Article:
Thou art giving and forgiving,
Ever blessing, ever blest,
Wellspring of the joy of living,
Ocean depth of happy rest!
Thou our Father, Christ our Brother,
All who live in love are Thine;
Teach us how to love each other,
Lift us to the joy divine.
January 16, 2022
The Home You Grew Up In
Xema Whitley, Director of Next Generation Ministries
The home you grew up in. Can you picture it? Take a tour with your mind. What room do you go to first? The bedroom where you may have studied, or whispered to a sibling in the dark? A porch or step where you watched stars or sunsets? A kitchen where you were sent to wash the dishes when it wasn’t fair and it wasn’t your turn? A table where meals were eaten, laughter was shared and ideas debated? The house you immediately pictured may not have been where you were born. The house you GREW UP in may be quite different from where you were born.
We all GROW UP in different ways both in the physical homes we occupy and the emotional ones. We certainly grow up differently spiritually as well. I was told by the pediatrician when my two daughters were young that “every child develops differently at their own pace.” We all GROW UP at a different pace too. Some of us had to take on big responsibilities at young ages. Some of us continue to shake our heads when we realize we are STILL growing up in certain ways…still fighting the same old battles and still wondering “will I ever outgrow this?”
Some people never seem to GROW UP and take responsibility for their choices and how their actions impact others. It’s hard to GROW UP and go out into the world, learn lessons, encounter temptations, and then return HOME.
Jesus did that in the Scripture from Luke today. The story starts out describing that he returned to Galilee in the power of the Spirit. Do you remember where he was returning from? From his journey in the desert for 40 days where he had to make HARD choices to GROW UP. To resist temptation and take responsibility for his choices…he set boundaries with evil and said …NO, I am not serving You or following your ways. I will not even entertain your ideas. I choose the thoughts of God over YOU, Evil in this world. And then he returned home. Something MUST have been noticeably different because “news of him spread through the whole countryside”. And he was “in the power of the Spirit …when he taught in the synagogues, and EVERYONE PRAISED HIM.” THAT IS A GOOD DAY!
You’ve got the power of the Spirit oozing all out of you to the point that Luke – who was known to be a doctor – notices it… and writes in down in his book about you….AND when you teach among the scholars and leaders in your community – not just a few think “hey – that kid’s okay”. BUT EVERYONE PRAISES YOU. Wow. That’s a hard level of success to maintain!
About that time, I’ll bet many of his hometown friends thought. “That Jesus is a ROCK STAR – he can’t do anything wrong…this guys on a roll…”. UNTIL, Jesus goes into the synagogue and asks for the scroll of the prophet Isaiah. He unrolls the words to him that were already over 700 years old and says them… “The Spirit of the Lord is on me.” (I can hear the townspeople in my imagination saying…yes – the whole hometown has noticed THAT). Because he has anointed me. (Yes – that make sense, give glory to God who gives you this anointing – a very good Jewish boy thing to say…) He has sent me to proclaim freedom for the prisoners and recovery of sight for the blind (Yes – yes – we know the lovely words of Isaiah)..to release the oppressed, to proclaim the year of the Lord’s favor.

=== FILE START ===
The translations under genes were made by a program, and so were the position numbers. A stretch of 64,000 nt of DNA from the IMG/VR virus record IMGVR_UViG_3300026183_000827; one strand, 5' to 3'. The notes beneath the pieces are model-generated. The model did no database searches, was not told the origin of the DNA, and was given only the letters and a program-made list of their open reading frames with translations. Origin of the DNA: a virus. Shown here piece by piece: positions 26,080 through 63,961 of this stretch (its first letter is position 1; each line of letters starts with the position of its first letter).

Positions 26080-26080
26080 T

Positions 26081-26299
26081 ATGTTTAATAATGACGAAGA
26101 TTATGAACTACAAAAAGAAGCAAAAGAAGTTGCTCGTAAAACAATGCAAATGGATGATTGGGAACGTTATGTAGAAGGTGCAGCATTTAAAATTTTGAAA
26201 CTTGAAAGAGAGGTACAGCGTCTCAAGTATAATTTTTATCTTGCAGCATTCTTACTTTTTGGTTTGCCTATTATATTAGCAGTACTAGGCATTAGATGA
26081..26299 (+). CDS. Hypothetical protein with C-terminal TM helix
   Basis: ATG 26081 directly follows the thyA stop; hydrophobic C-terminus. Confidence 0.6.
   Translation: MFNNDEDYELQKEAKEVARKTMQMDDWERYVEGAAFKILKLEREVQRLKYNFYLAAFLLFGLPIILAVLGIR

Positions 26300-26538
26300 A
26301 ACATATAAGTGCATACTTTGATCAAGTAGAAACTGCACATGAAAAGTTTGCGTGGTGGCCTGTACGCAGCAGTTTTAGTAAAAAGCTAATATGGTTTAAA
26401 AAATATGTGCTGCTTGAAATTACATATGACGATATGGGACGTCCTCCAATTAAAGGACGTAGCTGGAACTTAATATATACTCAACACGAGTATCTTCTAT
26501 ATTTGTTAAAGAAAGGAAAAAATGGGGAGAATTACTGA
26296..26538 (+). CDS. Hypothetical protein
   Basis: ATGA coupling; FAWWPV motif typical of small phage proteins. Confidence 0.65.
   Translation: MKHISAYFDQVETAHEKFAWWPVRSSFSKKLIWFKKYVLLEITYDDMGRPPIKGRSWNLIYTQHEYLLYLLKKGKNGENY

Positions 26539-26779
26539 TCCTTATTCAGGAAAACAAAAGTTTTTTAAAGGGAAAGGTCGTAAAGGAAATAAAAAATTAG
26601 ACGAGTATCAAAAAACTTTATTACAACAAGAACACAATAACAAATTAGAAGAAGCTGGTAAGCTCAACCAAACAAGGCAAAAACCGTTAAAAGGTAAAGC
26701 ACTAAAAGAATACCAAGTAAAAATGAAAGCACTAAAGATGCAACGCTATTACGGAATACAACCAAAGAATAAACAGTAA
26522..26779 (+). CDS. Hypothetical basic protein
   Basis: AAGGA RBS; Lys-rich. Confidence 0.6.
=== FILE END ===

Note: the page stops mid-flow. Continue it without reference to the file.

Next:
Today this scripture is fulfilled in your hearing (And the townspeople give one of the classic head tilts of Scripture – the kind that happens when someone goes – huh? Did I just hear you correctly? YOU are the one to fulfill this 700+ year old prophecy? I mean we like you and all Jesus, but - Huh? You’re just a hometown boy with big dreams that just finished a great wilderness adventure??
And Jesus goes on to say some more things that greatly upset the balance of power for the people in his hometown – to the point that in verse 29 it says “they got up, drove him out of the town, and took him to the brow of the hill…in order to THROW HIM DOWN THE CLIFF.” I ask you – are these the same place where EVERYONE was PRAISING Him just a day or two before? Human beings are confusing, are they not? I’m so glad God loves us.
So this brings me to another story of a young boy and his hometown. This young man grew up at 501 Auburn Avenue in Atlanta, Georgia. He lived in a large, lovely house with his sister and brother, mother, father, and beloved Grandmother. Let me give you a quick tour of his home:
Here’s the front porch which wraps around to a side porch. From this porch, the family could see small one-story houses to the left for those with lower incomes. To the right, were bigger two-story homes for more middle-income people. His home was large enough to house guests whenever his family knew someone needed a place to stay.
When you enter the house, there is a banister that our young friend liked to slide down. In fact, one day he didn’t notice his grandmother was at the bottom and he knocked her out cold. Believing she was dead; he ran upstairs and threw himself out a window. Both survived and their strong love for each other endured.